Verse > John Greenleaf Whittier > The Poetical Works in Four Volumes
John Greenleaf Whittier (1807–1892).  The Poetical Works in Four Volumes.  1892.
The Tent on the Beach
The Maids of Attitash
          Attitash, an Indian word signifying “huckleberry,” is the name of a large and beautiful lake in the northern part of Amesbury.

IN sky and wave the white clouds swam,
And the blue hills of Nottingham
  Through gaps of leafy green
  Across the lake were seen,
When, in the shadow of the ash        5
That dreams its dream in Attitash,
  In the warm summer weather,
  Two maidens sat together.
They sat and watched in idle mood
The gleam and shade of lake and wood;        10
  The beach the keen light smote,
  The white sail of a boat;
Swan flocks of lilies shoreward lying,
In sweetness, not in music, dying;
  Hardhack, and virgin’s-bower,        15
  And white-spiked clethra-flower.
With careless ears they heard the plash
And breezy wash of Attitash,
  The wood-bird’s plaintive cry,
  The locust’s sharp reply.        20
And teased the while, with playful hand,
The shaggy dog of Newfoundland,
  Whose uncouth frolic spilled
  Their baskets berry-filled.
Then one, the beauty of whose eyes        25
Was evermore a great surprise,
  Tossed back her queenly head,
  And, lightly laughing, said:
“No bridegroom’s hand be mine to hold
That is not lined with yellow gold;        30
  I tread no cottage-floor;
  I own no lover poor.
“My love must come on silken wings,
With bridal lights of diamond rings,
  Not foul with kitchen smirch,        35
  With tallow-dip for torch.”
The other, on whose modest head
Was lesser dower of beauty shed,
  With look for home-hearths meet,
  And voice exceeding sweet,        40
Answered, “We will not rivals be;
Take thou the gold, leave love to me;
  Mine be the cottage small,
  And thine the rich man’s hall.
“I know, indeed, that wealth is good;        45
But lowly roof and simple food,
  With love that hath no doubt,
  Are more than gold without.”
Hard by a farmer hale and young
His cradle in the rye-field swung,        50
  Tracking the yellow plain
  With windrows of ripe grain.
And still, whene’er he paused to whet
His scythe, the sidelong glance he met
  Of large dark eyes, where strove        55
  False pride and secret love.
Be strong, young mower of the grain;
That love shall overmatch disdain,
  Its instincts soon or late
  The heart shall vindicate.        60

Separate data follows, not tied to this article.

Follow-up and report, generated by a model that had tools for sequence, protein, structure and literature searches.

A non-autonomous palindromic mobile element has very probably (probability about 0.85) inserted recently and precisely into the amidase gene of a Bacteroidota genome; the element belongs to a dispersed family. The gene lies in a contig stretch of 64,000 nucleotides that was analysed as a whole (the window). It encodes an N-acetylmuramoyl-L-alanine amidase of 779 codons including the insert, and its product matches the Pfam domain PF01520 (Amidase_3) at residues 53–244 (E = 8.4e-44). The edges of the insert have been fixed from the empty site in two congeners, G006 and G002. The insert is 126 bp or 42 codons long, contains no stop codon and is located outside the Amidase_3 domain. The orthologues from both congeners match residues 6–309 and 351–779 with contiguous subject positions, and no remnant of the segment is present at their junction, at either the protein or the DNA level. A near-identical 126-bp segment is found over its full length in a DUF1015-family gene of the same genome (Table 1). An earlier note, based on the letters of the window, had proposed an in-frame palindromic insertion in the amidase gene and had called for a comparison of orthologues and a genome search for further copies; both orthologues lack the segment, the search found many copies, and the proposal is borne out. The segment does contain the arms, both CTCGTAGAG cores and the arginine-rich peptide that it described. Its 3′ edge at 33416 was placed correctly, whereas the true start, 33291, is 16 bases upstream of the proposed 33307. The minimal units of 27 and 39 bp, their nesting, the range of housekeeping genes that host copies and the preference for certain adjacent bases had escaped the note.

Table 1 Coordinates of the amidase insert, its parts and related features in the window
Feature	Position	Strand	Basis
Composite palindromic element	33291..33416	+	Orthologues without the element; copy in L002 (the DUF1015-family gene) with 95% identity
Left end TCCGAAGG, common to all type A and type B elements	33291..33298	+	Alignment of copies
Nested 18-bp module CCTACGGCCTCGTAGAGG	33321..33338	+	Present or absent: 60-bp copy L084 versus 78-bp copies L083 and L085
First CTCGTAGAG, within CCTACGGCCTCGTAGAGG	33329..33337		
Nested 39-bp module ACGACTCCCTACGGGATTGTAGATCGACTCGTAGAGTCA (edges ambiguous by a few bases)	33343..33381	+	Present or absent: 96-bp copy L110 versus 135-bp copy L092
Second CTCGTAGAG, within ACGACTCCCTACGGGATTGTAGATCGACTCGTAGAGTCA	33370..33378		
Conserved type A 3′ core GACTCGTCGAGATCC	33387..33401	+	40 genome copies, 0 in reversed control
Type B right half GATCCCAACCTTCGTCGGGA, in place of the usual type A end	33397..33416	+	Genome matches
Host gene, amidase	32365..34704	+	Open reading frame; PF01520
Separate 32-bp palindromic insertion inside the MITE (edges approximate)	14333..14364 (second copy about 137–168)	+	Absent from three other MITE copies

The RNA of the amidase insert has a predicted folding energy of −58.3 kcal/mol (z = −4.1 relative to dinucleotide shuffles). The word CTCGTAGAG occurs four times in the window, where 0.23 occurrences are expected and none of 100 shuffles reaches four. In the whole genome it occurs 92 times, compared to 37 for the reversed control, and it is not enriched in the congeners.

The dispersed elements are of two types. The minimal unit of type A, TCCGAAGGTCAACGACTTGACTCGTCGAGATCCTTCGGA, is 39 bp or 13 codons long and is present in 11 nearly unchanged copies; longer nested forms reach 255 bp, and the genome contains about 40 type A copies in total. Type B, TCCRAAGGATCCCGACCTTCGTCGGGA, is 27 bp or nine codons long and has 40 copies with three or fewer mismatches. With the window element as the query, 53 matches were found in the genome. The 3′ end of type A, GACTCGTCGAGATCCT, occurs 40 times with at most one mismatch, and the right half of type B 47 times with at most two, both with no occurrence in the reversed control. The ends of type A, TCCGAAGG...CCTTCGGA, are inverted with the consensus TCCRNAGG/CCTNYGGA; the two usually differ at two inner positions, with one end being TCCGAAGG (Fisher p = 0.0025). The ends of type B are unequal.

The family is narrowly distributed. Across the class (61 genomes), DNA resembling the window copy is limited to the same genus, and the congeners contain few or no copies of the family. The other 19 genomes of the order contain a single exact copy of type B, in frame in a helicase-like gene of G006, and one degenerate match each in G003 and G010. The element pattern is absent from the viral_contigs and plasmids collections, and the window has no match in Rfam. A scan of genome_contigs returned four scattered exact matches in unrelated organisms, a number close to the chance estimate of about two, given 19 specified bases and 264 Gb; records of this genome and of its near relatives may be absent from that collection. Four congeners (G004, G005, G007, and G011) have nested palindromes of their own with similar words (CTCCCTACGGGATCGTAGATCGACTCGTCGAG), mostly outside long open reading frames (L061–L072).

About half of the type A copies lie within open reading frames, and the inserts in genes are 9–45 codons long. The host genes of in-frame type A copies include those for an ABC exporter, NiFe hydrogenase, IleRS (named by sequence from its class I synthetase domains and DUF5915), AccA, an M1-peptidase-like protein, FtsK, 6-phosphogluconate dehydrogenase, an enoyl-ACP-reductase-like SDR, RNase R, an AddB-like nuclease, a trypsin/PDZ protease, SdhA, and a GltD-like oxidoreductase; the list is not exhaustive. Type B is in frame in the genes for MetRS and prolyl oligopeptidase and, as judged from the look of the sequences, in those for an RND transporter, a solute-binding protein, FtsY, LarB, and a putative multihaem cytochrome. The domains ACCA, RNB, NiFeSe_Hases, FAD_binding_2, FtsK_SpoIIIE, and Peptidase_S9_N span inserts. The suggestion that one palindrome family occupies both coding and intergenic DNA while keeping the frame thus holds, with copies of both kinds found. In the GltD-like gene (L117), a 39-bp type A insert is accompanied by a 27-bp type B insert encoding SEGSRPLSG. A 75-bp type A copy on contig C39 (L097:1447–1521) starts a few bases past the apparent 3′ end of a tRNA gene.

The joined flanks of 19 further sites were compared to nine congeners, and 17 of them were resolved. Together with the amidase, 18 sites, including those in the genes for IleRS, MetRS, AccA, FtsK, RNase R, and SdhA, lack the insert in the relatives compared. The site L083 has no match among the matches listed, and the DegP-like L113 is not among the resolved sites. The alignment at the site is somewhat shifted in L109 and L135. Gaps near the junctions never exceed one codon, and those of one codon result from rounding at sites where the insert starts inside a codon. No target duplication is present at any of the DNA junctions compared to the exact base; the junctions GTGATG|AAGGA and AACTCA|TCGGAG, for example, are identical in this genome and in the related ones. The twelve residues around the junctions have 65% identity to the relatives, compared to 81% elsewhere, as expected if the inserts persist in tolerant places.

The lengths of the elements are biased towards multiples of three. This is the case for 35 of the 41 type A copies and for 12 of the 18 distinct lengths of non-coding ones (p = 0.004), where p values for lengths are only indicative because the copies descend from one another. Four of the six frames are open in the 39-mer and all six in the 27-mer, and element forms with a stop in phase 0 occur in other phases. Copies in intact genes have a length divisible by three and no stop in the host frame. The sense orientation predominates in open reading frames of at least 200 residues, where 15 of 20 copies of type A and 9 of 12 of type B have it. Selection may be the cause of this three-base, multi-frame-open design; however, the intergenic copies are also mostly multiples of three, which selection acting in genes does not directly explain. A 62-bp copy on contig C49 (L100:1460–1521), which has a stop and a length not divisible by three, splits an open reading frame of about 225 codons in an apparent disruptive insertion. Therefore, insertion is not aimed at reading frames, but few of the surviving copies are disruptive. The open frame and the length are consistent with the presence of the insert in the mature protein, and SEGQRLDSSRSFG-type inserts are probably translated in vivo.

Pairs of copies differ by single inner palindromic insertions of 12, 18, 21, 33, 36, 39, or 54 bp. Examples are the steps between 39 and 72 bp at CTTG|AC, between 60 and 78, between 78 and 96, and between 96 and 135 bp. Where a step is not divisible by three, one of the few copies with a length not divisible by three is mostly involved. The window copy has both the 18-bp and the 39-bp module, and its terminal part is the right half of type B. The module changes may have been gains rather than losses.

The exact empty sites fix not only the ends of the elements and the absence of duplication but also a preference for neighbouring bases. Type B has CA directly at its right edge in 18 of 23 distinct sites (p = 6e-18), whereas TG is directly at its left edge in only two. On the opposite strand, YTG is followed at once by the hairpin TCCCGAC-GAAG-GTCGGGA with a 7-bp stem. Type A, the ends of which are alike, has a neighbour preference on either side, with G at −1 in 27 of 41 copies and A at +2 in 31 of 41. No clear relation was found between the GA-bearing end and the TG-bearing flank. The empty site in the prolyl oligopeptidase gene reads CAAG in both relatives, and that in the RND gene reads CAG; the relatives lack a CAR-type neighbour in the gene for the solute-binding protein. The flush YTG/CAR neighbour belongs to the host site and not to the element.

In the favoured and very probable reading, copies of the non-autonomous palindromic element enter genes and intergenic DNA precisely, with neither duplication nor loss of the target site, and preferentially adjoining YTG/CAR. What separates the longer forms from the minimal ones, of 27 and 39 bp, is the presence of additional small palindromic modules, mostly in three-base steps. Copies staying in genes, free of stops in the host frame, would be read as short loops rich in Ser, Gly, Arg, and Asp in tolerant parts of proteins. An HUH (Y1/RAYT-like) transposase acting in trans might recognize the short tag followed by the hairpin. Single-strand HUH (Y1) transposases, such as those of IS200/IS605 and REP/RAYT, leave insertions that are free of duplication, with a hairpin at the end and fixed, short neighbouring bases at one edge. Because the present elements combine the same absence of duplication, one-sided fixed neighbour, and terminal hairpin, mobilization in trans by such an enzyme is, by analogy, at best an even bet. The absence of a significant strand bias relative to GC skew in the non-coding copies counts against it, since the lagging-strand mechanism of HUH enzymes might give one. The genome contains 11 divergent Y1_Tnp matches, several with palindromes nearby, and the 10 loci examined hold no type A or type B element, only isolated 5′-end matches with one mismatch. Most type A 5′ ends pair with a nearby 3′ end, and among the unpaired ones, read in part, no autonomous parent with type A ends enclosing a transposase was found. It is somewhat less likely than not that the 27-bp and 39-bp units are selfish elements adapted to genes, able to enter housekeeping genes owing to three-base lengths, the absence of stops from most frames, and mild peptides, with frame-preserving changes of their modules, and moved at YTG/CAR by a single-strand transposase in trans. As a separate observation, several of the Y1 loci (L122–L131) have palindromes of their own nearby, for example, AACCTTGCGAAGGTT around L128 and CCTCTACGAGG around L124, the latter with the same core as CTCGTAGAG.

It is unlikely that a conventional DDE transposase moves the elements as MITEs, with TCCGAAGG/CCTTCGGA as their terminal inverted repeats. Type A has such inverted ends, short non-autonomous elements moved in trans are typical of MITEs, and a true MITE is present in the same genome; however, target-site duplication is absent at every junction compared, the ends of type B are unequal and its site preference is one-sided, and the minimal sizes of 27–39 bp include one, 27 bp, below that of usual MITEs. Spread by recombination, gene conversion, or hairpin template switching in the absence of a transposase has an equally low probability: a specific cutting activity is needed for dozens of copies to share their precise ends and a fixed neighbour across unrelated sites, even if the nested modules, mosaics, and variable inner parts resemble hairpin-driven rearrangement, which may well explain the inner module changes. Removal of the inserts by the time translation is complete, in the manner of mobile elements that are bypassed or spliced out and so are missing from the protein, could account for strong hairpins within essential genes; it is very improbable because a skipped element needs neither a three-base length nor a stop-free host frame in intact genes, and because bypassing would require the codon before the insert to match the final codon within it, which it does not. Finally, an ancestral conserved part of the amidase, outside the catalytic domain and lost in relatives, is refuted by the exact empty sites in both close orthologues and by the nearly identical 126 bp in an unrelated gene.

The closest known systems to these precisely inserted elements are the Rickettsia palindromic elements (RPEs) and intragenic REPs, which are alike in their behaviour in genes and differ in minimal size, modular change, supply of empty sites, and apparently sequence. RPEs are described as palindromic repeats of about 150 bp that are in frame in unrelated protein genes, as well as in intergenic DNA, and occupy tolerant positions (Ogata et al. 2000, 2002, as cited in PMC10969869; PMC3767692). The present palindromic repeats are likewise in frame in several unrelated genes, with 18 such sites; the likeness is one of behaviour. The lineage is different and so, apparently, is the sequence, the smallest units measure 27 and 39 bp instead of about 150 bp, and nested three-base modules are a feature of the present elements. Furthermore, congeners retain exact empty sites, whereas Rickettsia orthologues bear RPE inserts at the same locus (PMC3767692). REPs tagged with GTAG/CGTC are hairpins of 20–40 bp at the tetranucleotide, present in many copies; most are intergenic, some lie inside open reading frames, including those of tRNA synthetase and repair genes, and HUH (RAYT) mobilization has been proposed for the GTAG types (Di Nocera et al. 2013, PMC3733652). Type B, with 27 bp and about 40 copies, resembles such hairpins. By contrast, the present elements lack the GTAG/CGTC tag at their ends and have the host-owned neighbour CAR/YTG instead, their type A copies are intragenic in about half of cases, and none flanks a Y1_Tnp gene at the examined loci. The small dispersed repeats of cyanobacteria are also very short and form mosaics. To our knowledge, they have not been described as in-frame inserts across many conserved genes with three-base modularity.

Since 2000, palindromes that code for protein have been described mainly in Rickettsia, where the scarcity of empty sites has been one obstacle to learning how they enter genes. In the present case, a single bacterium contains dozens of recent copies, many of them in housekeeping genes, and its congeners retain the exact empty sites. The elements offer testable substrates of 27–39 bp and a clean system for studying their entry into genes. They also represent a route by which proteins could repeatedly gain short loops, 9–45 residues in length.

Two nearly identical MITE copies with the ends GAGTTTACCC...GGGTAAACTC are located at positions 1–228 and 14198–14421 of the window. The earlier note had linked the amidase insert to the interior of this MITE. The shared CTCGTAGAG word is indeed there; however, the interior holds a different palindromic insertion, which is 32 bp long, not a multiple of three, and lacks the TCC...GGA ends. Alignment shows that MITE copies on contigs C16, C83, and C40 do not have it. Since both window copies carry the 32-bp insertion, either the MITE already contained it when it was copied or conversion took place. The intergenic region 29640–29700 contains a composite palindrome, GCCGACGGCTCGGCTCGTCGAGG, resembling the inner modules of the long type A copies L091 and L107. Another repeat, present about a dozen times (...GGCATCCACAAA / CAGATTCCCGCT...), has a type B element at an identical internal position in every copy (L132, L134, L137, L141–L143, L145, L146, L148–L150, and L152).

In blouse of gray, with fishing-rod,
Half screened by leaves, a stranger trod
  The margin of the pond,
  Watching the group beyond.
The supreme hours unnoted come;        65
Unfelt the turning tides of doom;
  And so the maids laughed on,
  Nor dreamed what Fate had done,—
Nor knew the step was Destiny’s
That rustled in the birchen trees,        70
  As, with their lives forecast,
  Fisher and mower passed.
Erelong by lake and rivulet side
The summer roses paled and died,
  And Autumn’s fingers shed        75
  The maple’s leaves of red.
Through the long gold-hazed afternoon,
Alone, but for the diving loon,
  The partridge in the brake,
  The black duck on the lake,        80
Beneath the shadow of the ash
Sat man and maid by Attitash;
  And earth and air made room
  For human hearts to bloom.
Soft spread the carpets of the sod,        85
And scarlet-oak and golden-rod
  With blushes and with smiles
  Lit up the forest aisles.
The mellow light the lake aslant,
The pebbled margin’s ripple-chant        90
  Attempered and low-toned,
  The tender mystery owned.
And through the dream the lovers dreamed
Sweet sounds stole in and soft lights streamed;
  The sunshine seemed to bless,        95
  The air was a caress.
Not she who lightly laughed is there,
With scornful toss of midnight hair,
  Her dark, disdainful eyes,
  And proud lip worldly-wise.        100
Her haughty vow is still unsaid,
But all she dreamed and coveted
  Wears, half to her surprise,
  The youthful farmer’s guise!
With more than all her old-time pride        105
She walks the rye-field at his side,
  Careless of cot or hall,
  Since love transfigures all.
Rich beyond dreams, the vantage-ground
Of life is gained; her hands have found        110
  The talisman of old
  That changes all to gold.
While she who could for love dispense
With all its glittering accidents,
  And trust her heart alone,        115
  Finds love and gold her own.
What wealth can buy or art can build
Awaits her; but her cup is filled
  Even now unto the brim;
  Her world is love and him!
*        *        *        *        *
  The while he heard, the Book-man drew
    A length of make-believing face,
  With smothered mischief laughing through:
    “Why, you shall sit in Ramsay’s place,
  And, with his Gentle Shepherd, keep        125
  On Yankee hills immortal sheep,
While love-lorn swains and maids the seas beyond
Hold dreamy tryst around your huckleberry-pond.”
  The Traveller laughed: “Sir Galahad
    Singing of love the Trouvere’s lay!        130
  How should he know the blindfold lad
    From one of Vulcan’s forge-boys?”—“Nay,
  He better sees who stands outside
  Than they who in procession ride,”
The Reader answered: “selectmen and squire        135
Miss, while they make, the show that wayside folks admire.
  “Here is a wild tale of the North,
    Our travelled friend will own as one
  Fit for a Norland Christmas hearth
    And lips of Christian Andersen.        140
  They tell it in the valleys green
  Of the fair island he has seen,
Low lying off the pleasant Swedish shore,
Washed by the Baltic Sea, and watched by Elsinore.”

Shakespeare · Bible · Strunk · Anatomy · Nonfiction · Quotations · Reference · Fiction · Poetry
© 1993–2015 · [Top 150] · Subjects · Titles · Authors · World Lit.